[Note 19] Mary T. Dillon used the way for forty-seven years, from 1957 to 2004. Maryann Campbell used the way for two separate periods of more than twenty years, from 1952-1974, and again from 1978-2004. Arthur W. Handrahan used the way regularly himself from 1955-1970, and his children continued to use the way when they visited him in the years that followed. Carol A. Murray has used the way for access to the beach since 1949, either as a resident or as a guest of her mother's home at 118 Downer Avenue.
[Note 20] We note that the record raises at least a possibility that the prescriptive plaintiffs' use of Melville Walk occurred by permission of one or more of the deeded rights plaintiffs. As we have observed, a use conducted with permission is not unexplained and cannot support a claim of adverse use. However, the defendants have made no claim that the prescriptive plaintiffs' use of the way was based on permission granted by the deeded rights plaintiffs (instead contending consistently that the deeded rights plaintiffs hold no rights in the way). To the extent that the defendants argued that the plaintiffs' use was permissive, they based their argument on permission implied by acquiescence of the defendants (a claim the judge properly rejected). Accordingly, we consider the defendants to have waived any potential claim that the prescriptive plaintiffs' use of the way was with the permission of the deeded rights plaintiffs.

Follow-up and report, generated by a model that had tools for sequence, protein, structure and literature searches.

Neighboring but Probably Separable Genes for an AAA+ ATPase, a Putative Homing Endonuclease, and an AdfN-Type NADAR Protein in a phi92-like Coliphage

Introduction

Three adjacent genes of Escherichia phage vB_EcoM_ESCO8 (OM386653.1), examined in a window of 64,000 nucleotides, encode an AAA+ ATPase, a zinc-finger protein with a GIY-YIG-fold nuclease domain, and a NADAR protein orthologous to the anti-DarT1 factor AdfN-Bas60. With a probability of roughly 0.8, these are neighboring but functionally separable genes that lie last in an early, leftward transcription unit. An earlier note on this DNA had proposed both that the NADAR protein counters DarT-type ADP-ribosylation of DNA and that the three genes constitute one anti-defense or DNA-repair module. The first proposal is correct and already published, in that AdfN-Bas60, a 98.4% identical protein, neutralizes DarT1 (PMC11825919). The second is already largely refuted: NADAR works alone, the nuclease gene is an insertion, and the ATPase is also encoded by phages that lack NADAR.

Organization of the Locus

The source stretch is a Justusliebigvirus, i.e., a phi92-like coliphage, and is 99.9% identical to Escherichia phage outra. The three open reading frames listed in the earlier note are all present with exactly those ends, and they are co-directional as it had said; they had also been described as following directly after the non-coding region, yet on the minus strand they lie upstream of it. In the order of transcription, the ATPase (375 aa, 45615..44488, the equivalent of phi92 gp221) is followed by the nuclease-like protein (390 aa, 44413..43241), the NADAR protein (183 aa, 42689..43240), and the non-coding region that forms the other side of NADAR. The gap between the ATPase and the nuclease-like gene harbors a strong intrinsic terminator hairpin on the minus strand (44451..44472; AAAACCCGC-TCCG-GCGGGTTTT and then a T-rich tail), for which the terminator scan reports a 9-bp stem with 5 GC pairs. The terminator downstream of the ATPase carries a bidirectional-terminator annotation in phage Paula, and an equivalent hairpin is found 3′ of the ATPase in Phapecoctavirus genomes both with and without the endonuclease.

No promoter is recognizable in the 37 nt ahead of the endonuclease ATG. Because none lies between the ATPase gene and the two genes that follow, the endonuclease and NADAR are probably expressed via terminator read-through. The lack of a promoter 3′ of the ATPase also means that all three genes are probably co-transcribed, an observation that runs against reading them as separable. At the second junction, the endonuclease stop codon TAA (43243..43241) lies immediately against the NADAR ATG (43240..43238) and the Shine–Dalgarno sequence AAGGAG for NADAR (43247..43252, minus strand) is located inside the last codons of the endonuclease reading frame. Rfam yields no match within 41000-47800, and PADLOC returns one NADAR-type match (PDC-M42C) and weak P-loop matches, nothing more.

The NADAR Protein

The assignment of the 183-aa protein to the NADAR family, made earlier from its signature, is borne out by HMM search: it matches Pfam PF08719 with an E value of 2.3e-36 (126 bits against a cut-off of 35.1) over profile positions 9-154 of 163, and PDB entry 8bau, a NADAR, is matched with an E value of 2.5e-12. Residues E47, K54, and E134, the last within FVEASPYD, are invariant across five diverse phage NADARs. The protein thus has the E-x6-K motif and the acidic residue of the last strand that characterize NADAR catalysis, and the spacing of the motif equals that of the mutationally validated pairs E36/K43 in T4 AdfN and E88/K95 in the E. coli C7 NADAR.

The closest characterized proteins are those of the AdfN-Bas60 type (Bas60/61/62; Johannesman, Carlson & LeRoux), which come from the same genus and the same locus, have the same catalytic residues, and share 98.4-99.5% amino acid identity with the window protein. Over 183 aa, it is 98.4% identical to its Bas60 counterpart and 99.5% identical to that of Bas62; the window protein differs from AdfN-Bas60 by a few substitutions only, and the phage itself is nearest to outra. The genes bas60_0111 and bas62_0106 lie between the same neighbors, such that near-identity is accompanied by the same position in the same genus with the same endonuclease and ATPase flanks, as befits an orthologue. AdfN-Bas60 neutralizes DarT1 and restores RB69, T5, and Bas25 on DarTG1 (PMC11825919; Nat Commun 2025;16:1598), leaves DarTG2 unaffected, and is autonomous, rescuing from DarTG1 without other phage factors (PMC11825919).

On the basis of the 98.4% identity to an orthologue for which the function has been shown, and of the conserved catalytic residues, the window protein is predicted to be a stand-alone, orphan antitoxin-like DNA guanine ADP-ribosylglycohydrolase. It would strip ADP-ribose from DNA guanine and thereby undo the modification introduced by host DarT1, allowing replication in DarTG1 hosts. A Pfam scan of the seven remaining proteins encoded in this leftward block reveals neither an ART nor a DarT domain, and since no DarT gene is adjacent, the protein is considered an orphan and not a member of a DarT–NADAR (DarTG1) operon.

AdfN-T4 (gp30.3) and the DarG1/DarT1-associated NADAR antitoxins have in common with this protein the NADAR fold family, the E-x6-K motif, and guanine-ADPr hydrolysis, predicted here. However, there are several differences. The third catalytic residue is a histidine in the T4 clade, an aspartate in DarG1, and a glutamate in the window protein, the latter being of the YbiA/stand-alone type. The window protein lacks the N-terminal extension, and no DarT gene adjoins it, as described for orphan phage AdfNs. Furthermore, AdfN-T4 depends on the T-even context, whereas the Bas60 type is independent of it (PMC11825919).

[Note 21] See note 5, supra.
[Note 22] The judgment is vacated, however, insofar as it imposes an obligation on the prescriptive plaintiffs to indemnify and hold the defendants harmless from loss or damage resulting from the prescriptive plaintiffs' use of Melville Walk and the beach. The judge cited no authority for the imposition of that obligation, and we are aware of none. Any rights the defendants may have to recover for any such loss or damage arise from the common law.